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 CNS Story:

CALIFORNIA-FIRES (THIRD UPDATE) Oct-26-2007 (1,310 words) With photos posted Oct. 23, 24, 25 and 26 and graphic posted Oct. 25. xxxn

Efforts made to reach out to wildfire refugees; one church is lost

By Catholic News Service

SAN DIEGO (CNS) -- As the fierce Santa Ana winds abated, giving firefighters a chance to make headway on wildfires that have scorched about 490,000 acres in Southern California, Catholic groups and other relief agencies likewise took the opportunity to make headway in helping those fleeing the flames.

Catholic Charities agencies in four California dioceses have been helping evacuees find shelter and comfort.

Despite the scope of the blazes, which destroyed at least 1,800 homes and caused the evacuation of hundreds of thousands of Southern California residents, there was relatively little personal injury.

Three fire-related deaths had been confirmed through Oct. 26, with 21 injuries attributed to the wildfires. Smoke-choked air and power outages continued to hamper those living through the ordeal. An Associated Press story said four charred bodies were discovered by Border Patrol agents at a migrant camp east of San Diego near the Mexican border, but officials had not yet determined if they died in one of the fires.

By Oct. 23, more than 900,000 people had been evacuated from their homes. Two days later news reports said many evacuees were being allowed to return to their neighborhoods to see what had become of their homes. Property damage in San Diego County alone reportedly has surpassed $1 billion.

St. Bartholomew Church, a mission church on the Rincon Reservation, and several homes on the reservation were destroyed in one of the fires, according to Bo Mazzetti, a councilman for the Luiseno tribe on the reservation.

He told the San Diego Union-Tribune daily newspaper the loss of the church was a spiritual blow to the tribe. "That's something we've all attended, that church. It's devastating to see that," Mazzetti said.

The St. Bartholomew Church property is owned by the Luiseno tribe, not by the Diocese of San Diego, although a deacon or priest from a nearby parish regularly ministers to reservation residents. The same is true of two other mission churches on reservations close to the Rincon Reservation, both of which were believed destroyed in the blazes.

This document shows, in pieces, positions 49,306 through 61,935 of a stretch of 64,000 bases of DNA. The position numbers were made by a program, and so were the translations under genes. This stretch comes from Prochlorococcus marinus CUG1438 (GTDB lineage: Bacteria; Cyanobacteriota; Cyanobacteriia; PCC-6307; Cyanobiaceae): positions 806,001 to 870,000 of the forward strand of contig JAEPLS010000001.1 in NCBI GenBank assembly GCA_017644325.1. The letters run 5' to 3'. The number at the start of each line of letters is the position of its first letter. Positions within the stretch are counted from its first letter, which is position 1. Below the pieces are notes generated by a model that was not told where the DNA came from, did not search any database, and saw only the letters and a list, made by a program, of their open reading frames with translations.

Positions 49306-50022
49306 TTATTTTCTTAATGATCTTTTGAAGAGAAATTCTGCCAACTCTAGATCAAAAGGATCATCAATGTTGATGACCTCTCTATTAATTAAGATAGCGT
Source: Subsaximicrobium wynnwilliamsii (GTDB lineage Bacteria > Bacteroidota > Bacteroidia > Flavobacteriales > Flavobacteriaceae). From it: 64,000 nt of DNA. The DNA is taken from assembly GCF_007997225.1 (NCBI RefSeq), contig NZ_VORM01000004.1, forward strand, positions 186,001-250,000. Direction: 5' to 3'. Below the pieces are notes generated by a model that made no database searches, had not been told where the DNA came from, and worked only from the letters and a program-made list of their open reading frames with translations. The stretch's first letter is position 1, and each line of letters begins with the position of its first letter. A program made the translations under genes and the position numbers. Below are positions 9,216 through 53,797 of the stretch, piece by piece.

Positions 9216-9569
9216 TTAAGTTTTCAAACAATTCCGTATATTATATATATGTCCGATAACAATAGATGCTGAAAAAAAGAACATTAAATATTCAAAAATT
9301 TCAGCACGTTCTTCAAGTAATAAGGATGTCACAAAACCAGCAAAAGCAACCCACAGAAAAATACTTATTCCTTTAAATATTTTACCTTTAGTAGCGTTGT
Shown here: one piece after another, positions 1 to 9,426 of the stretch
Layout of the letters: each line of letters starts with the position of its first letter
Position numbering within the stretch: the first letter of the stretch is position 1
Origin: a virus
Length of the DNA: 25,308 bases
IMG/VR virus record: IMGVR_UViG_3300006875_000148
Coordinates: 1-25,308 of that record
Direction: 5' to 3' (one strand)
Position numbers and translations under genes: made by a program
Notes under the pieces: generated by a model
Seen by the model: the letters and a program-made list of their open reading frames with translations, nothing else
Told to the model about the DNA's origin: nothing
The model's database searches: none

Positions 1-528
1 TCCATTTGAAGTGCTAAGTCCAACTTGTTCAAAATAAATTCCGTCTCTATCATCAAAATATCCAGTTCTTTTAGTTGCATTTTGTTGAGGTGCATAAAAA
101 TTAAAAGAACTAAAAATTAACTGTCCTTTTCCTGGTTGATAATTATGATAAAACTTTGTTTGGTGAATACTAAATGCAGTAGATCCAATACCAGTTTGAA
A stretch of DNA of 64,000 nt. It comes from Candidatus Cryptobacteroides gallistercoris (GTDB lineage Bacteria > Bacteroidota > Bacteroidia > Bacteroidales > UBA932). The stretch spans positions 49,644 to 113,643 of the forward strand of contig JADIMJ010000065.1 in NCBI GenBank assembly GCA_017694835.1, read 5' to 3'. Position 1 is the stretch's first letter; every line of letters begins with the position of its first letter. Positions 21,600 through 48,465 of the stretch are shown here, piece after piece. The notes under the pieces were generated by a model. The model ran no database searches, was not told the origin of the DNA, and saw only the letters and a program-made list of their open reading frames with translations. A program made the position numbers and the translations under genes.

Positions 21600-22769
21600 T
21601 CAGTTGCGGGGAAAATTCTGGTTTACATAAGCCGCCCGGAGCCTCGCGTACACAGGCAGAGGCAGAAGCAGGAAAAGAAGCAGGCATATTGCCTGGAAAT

At San Rafael Parish in San Diego, parish employees and many parishioners were allowed back Oct. 23.

"There are still some hot spots ... but we're hoping that most people can get back in. In some areas where the evacuation order has been lifted ... there's no power," Father Dennis Mikulanis, the pastor, told Catholic News Service in an Oct. 25 telephone interview.

San Rafael suffered roof-tile damage from winds of 60-70 mph. However, "in my parish here in (San Diego's) Rancho Bernardo (district) more than 600 homes were destroyed," Father Mikulanis said, including those of five parishioners.

Good Shepherd Parish took in Father Mikulanis and opened up its old convent and rectory to evacuees.

Mission San Luis Rey in Oceanside became a somewhat accidental shelter for 100 Spanish-speaking immigrants, mostly Guatemalans who could not take refuge at their parish church because it, too, had been evacuated.

"We were not planning on having a shelter here," said Carmen Parra, the mission's director of social concerns. "We found a few families in our parking lot, and we decided to open up our little facility where we have bingo," she told CNS in an Oct. 25 telephone interview.

"This is a first for us. We're a church and we do have an office. We can help people with food yearlong, but this is something -- we needed to do this. We couldn't let these people go."

Parra said bingo was on hold for the time being: "You kidding? We've been getting a lot of calls about bingo: 'Are you having bingo tonight?' Maybe if everything goes well, we'll have bingo on Saturday. First things first."

A representative of Catholic Mutual, the San Diego Diocese's insurance company, said Oct. 24 no harm had come to any church properties owned by the diocese.